Citizenship Tests in Europe – Editorial Introduction
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This issue of UNESCO’s International Journal on Multicultural Societies (IJMS) is dedicated to the subject of citizenship tests. Formal assessments now form part of the application process for naturalisation in many parts of the world, and the practice is growing. At the time of writing, in late 2007, countries that had introduced formal citizenship testing included the United States, Canada, the United Kingdom, Germany, the Netherlands, Denmark, Latvia, Lithuania, Estonia and Australia, and a number of other states (e.g. France) were discussing the possibility of doing so. Tests are thus a matter of current interest, are in a period of development and clearly need some examination and discussion. This issue is intended to contribute to the debate by giving detailed information about the current situation in four Western European states (Denmark, France, the Netherlands and the UK); indicating some of the problems provoked by the tests, as well as some of the advantages they confer; and seeking to understand some of the motivations for their introduction.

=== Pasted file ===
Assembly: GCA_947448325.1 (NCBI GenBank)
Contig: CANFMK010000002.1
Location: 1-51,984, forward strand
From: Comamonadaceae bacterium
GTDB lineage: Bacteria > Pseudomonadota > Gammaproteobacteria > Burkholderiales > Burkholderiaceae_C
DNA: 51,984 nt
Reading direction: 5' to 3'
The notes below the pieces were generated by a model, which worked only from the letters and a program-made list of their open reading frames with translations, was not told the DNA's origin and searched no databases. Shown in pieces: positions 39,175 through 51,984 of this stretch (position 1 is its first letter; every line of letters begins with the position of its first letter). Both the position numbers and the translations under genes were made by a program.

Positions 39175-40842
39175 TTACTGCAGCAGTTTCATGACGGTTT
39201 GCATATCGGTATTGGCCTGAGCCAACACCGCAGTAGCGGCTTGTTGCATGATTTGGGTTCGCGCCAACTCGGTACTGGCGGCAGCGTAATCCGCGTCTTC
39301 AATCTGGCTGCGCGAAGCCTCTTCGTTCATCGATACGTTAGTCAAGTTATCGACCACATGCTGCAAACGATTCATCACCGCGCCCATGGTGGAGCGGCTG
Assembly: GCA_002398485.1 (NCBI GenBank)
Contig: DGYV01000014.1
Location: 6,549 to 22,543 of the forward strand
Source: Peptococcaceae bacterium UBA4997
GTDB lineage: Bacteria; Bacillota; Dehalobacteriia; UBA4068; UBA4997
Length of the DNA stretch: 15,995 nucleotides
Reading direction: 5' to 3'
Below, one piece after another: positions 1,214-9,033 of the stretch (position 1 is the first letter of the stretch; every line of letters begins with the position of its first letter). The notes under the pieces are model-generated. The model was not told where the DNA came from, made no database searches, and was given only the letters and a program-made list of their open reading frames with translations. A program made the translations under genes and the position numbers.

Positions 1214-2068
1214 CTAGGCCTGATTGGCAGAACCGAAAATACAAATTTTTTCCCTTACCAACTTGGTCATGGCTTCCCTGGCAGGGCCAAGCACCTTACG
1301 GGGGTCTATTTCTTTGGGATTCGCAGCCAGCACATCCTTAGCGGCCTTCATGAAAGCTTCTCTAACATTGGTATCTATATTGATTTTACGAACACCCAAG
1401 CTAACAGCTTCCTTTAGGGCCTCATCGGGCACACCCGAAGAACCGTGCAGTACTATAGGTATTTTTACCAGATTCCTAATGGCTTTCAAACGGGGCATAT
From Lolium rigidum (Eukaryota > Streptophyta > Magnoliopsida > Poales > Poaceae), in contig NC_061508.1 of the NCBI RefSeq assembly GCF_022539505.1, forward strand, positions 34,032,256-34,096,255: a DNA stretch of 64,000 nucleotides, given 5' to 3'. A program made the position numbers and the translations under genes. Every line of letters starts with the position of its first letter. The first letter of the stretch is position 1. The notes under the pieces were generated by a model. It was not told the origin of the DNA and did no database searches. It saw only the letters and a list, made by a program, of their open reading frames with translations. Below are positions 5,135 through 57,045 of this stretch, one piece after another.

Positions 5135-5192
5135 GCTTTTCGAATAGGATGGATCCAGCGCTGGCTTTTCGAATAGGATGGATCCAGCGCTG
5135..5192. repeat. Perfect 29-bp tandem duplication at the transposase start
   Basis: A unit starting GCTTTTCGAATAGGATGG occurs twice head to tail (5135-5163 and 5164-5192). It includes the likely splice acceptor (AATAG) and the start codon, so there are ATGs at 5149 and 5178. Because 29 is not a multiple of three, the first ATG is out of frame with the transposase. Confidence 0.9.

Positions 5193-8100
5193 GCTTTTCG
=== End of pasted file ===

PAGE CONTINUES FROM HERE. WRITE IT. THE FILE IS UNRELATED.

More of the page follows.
Suggested bibliographic reference for this article:
Wright, Sue. Citizenship Tests in Europe – Editorial Introduction. IJMS: International Journal on Multicultural Societies. 2008, vol.10, no.1, pp. 1-9, UNESCO. ISSN 1817-4574.
About the Guest-Editor:
Sue Wright is Professor of Language and Politics at the University of Portsmouth (UK). She is the author of several books on the relationship of language and political organisation. Her book, Language Policy and Language Planning (Palgrave Macmillan 2004), considered some of the developments in language status and language use that have accompanied the political changes of the recent past. She is also series editor (with Helen Kelly-Holmes) for Palgrave’s Language and Globalisation series. E-mail: sue.wright(at)port.ac.uk